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The torch-lighting ceremony of Israel's Independence Day

Israel's Independence Day is actually celebrated over two days. On the first day we remember all the fallen soldiers who died since Israel declared its first independence in 1948. Officially it is called the 'Memorial Day for the Fallen Soldiers of the Wars of Israel and Victims of Actions of Terrorism'.

This day is somber and sad and I always cry my eyes out when the stories of the fallen soldiers are shown on television. There are wreath-laying ceremonies all over the county and every Israeli stands quietly when sirens ring throughout the country to acknowledge their sacrifice.

The second day is PARTY time! Just about everyone is either having a barbeque or picnic or going to the beach. The fun is however bittersweet. The sadness of the previous day and the human cost of living in a Jewish country cast a deep shadow throughout the day.

When and where are the torches lit?

The end of the first day and the start of the second day is bridged by a large and serious ceremony held at Mount Herzl cemetery in Jerusalem. There are lots of political and military dignitaries but luckily they do not make speeches. 

The taps are played for the fallen soldiers  and one of those weird group dances you see at serious ceremonies are danced. And then, as the day turns into night, it's time for the torch-lighting ceremony!

How many torches are lit?

Twelve (sometimes more) regular Israelis  light twelve torches that represent the twelve tribes of Israel. The  chosen twelve have all contributed in some way to the people of Israel. They give a small speech about themselves and their work and then light one of the torches ending with these words: "...and to the glory of the land of Israel!"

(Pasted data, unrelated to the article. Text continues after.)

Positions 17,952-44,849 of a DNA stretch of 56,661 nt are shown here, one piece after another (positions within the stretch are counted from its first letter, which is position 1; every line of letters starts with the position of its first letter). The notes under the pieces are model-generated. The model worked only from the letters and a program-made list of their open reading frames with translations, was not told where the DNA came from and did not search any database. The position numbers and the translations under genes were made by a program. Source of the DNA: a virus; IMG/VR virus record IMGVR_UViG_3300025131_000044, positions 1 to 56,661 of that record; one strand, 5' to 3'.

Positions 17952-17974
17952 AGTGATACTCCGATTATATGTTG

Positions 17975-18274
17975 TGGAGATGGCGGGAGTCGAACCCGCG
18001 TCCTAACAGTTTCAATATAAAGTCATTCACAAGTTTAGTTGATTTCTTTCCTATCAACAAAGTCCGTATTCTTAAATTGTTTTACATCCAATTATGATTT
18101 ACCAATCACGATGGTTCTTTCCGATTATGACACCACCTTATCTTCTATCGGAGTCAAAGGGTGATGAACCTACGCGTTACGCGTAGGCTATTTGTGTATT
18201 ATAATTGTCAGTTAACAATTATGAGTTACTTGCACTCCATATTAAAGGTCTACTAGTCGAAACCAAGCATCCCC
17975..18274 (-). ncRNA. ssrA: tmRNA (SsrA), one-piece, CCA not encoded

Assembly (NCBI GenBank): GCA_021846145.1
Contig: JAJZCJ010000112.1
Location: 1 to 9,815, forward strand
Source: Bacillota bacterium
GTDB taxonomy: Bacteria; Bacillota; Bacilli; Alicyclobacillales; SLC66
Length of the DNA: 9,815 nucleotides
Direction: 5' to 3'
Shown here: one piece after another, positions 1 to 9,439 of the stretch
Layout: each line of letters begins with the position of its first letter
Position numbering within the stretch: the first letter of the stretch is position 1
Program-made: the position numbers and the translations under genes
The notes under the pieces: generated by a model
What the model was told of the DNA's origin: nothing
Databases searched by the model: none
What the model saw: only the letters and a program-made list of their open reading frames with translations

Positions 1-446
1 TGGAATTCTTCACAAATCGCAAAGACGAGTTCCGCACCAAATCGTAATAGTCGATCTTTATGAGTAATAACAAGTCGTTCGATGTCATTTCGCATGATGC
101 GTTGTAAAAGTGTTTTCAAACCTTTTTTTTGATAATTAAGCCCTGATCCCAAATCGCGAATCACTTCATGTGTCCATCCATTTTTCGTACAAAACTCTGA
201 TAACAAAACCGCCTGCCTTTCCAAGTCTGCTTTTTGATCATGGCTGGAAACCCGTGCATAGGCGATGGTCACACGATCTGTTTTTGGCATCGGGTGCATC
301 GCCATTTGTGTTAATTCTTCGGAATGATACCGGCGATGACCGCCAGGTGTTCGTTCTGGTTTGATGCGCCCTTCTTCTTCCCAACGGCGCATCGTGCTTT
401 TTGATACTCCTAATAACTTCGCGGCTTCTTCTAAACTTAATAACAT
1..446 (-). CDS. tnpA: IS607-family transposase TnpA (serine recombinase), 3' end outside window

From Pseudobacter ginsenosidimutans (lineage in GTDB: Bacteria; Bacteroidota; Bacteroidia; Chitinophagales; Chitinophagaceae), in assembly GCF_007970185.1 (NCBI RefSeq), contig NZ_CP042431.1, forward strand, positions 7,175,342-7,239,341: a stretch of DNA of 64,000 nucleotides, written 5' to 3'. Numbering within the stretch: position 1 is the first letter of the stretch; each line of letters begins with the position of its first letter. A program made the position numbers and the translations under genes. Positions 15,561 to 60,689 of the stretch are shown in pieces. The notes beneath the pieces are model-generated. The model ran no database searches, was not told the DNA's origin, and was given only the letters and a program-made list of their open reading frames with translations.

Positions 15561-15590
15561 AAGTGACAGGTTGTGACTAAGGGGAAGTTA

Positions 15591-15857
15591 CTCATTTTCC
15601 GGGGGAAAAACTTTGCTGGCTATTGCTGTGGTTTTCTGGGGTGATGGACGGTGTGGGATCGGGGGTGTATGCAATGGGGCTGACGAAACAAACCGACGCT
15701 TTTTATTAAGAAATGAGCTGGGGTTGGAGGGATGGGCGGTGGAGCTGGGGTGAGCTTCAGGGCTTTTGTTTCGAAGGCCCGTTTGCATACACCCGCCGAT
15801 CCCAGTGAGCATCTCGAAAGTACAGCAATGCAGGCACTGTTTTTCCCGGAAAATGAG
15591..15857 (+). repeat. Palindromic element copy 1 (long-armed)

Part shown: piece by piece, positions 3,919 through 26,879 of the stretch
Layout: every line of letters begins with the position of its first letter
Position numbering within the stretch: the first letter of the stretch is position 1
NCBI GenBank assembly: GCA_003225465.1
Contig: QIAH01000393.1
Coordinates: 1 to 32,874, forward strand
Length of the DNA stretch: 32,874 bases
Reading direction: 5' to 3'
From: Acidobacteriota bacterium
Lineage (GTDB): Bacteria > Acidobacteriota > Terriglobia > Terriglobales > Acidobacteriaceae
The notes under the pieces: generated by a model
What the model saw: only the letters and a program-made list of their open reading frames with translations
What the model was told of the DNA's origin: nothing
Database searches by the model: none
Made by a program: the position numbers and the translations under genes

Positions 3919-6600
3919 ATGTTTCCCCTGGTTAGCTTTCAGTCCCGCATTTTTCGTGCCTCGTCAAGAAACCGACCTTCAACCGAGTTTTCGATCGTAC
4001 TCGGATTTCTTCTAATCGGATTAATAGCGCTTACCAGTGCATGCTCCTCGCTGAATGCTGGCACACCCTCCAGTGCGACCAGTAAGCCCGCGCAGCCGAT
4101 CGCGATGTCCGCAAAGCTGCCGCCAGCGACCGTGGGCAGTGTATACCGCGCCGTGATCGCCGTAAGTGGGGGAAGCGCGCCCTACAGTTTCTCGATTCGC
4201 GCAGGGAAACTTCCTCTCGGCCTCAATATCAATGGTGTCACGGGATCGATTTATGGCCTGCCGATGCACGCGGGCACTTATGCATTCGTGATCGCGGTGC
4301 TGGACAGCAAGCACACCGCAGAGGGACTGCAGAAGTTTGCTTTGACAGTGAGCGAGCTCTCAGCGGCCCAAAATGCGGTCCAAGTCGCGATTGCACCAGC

Who can light the torches

The organizers make very sure to give this honour to a wide variety of people. There will always be someone to represent the various religious minorities and Jewish ethnicities living in Israel. 

Anyone can nominate a person to go and light one of the torches on Israel's Independence day. The only criteria is that they have either done something cool to help other people or have undergone something extraordinary.

This year there were a few doctors, nurses and hospital administrators who went beyond their duty to help people during the pandemic. A Muslim Arab male nurse recited the Shema prayer for a religious Jewish man dying of Covid.

Sometimes two people light one torch together. Two women, Shira Isakov and Adi Guzi, were given that honour. Shira was attacked and nearly killed. Adi, the neighbour, risked her life to save Shira. Shira's husband has been indicted in the attack.

We also saw one of the youngest and oldest torch-lighters this year. The grandparents' generations were represented by Yaish Giat, a 102 year old religious teacher and spiritual mentor.

The 18-year-old is Ofri Butbul who volunteers at a nonprofit organization. She saved the life of an elderly man she met through her volunteer work.

I also liked the story of the tiny Ethiopian police woman, Eden Habtenesh Tapet who organized food packages for the poor during the pandemic. She thanked many people in her speech, such as her parents and fellow policemen. I was really touched that she also mentioned the small girl she was in Ethiopia. This girl would never have dreamed that one day Eden will get the honour to represent her ethnicity and the entire police force to light a torch on Independence Day.

Some light in the dark

One would think that Israelis more or less get along with each other. We are after all surrounded by unfriendly neighbours and is often the default pariah in the world's media. 

Sadly this is not so. All our various ethnic groups and religious minorities DO not get along. And every day the gap seems to get larger. 

The news here is also very depressing. It is either about people getting killed, incoming missiles, signs of a looming war or incompetent politicians. (We have voted four times in the last two years because our politicians cannot work together).

So it is a wonderful change to have all the attention on good news for one evening in the year. The torch lighting ceremony highlights(!) the good deeds of ordinary citizens. People who went out of their way to help, save or uplift another.  

One evening a year, we all sit in front of our screens and get teary-eyed for happy reasons for a change.

We repeat the words "the glory of the land of Israel" together with the torch lighters and for a few minutes we to revel in the beauty of human nature.

And then the next day, on Independence Day, it is back to the reality of life in Israel. We curse again the people who cannot park properly or light up a cigarette right next to us.


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